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Josee Seguin: Powerlifting her way around the world

Sudbury athlete in Abu Dhabi for 2019 Special Olympics World Games
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Sudbury's Josée Seguin is in Abu Dhabi to compete at the 2019 Special Olympics World Games. (Supplied)

The sport of powerlifting has taken 28 year old Josée Seguin from one coast of Canada to the other.

This month, however, will see the Sudbury Special Olympian expand her horizons.

Séguin will join 108 other Canadian athletes and some 65 support staff members (coaches, doctors, mission staff) departing for Abu Dhabi, site of the 2019 Special Olympics World Games.

Now eight years into her quest to become one of the best female lifters in the country, Séguin qualified for this event while competing at nationals in Antigonish (Nova Scotia) last fall. 

"I was suprised with my dead lift," she said prior to a recent training session at Laurentian University.

"I had never lifted that much before. But I think I had more confidence, knowing that I had a chance to qualify for Worlds, and that I had lifted the weights some times in practice." 

While powerlifting at the Special Olympics generally features squats, bench press and dead lifts, it is only the latter two that are formally counted towards an aggregate championship.

"Not everybody can squat, but you can compete in it," said Séguin. "I find I have a lot more strength in the dead lift and squats, because it's more of your legs, and I have pretty strong legs." 

Séguin would claim no less than three gold medals at the 2018 National Summer Games, in addition to being named the top lifter in Canada.

Over the course of the past year or so, she has worked closely with coach Callen McGibbon, a man who continues to guide numerous Voyageur athletes, as well as a handful of professional hockey players, through their strength and conditioning programs.

"The thing we worked on most, right away, was shoring up what she could do consistently, so that she could do it on command," said McGibbon. "In powerlifting, it's one thing to be able to get a personal best lift, but it's another to be able to consistently hit those targets."

And like most Special Olympics coaches, McGibbon remains thankful for the opportunity that his partnership with Séguin has provided, though he would suggest that it's a mindset that, quite honestly, spreads right across his entire clientele.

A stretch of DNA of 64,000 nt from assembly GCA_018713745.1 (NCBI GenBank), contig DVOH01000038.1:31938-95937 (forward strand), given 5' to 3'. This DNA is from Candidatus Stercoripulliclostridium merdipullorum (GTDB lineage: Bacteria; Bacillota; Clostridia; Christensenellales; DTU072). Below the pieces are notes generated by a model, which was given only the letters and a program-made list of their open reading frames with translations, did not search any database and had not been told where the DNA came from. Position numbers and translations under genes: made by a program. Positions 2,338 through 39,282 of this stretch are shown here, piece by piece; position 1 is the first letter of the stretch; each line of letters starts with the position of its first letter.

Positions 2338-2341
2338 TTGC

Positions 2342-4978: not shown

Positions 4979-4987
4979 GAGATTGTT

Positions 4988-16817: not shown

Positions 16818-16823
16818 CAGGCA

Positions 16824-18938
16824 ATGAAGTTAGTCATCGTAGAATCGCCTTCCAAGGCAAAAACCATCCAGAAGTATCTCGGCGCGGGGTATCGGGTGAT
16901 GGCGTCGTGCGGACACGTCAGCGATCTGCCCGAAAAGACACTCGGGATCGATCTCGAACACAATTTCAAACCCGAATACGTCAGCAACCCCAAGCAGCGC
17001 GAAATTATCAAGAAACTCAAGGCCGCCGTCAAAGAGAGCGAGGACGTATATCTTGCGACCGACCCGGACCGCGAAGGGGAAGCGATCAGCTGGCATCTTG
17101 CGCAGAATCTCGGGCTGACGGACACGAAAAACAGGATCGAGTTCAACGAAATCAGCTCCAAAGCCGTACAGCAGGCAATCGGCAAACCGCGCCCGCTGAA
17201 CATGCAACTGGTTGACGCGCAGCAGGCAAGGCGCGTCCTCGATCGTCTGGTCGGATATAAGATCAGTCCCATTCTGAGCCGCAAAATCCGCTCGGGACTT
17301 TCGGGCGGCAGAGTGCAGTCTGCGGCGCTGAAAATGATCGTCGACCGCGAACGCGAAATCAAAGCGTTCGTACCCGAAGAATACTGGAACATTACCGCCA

"I'm pretty grateful, every day," said McGibbon. "I've got a pretty wicked job. Everyone who is here is here because they have decided they want to be exceptional at what they do. What I find special in working with Josée is exactly what I find special about working with every single person that walks through the door. It's just awesome to be around people who want to be better, all the time."

That is exactly the type of motivational approach that has Séguin flying halfway across the world to join forces with athletes in sports such as swimming and bowling, soccer, basketball and bocce.

"I know some of the soccer players and I know, of course, some lifters, but also some of the swimmers, because I previously went to swimming events," said the young woman who initially started lifting while training alongside her older brother (Robert), a hockey player in his youth.

"I want to go see some of the other sports that we don't have here. They will have open swimming, sailing, kayaking, beach volleyball - and I just want to see the culture over there compared to here."

Opening Ceremonies for the 2019 World Games are set to take place on March 14, with the multi-sport competition continuing right through until March 21st. A total of 177 countries will be represented in the capital city of the United Arab Emirates.




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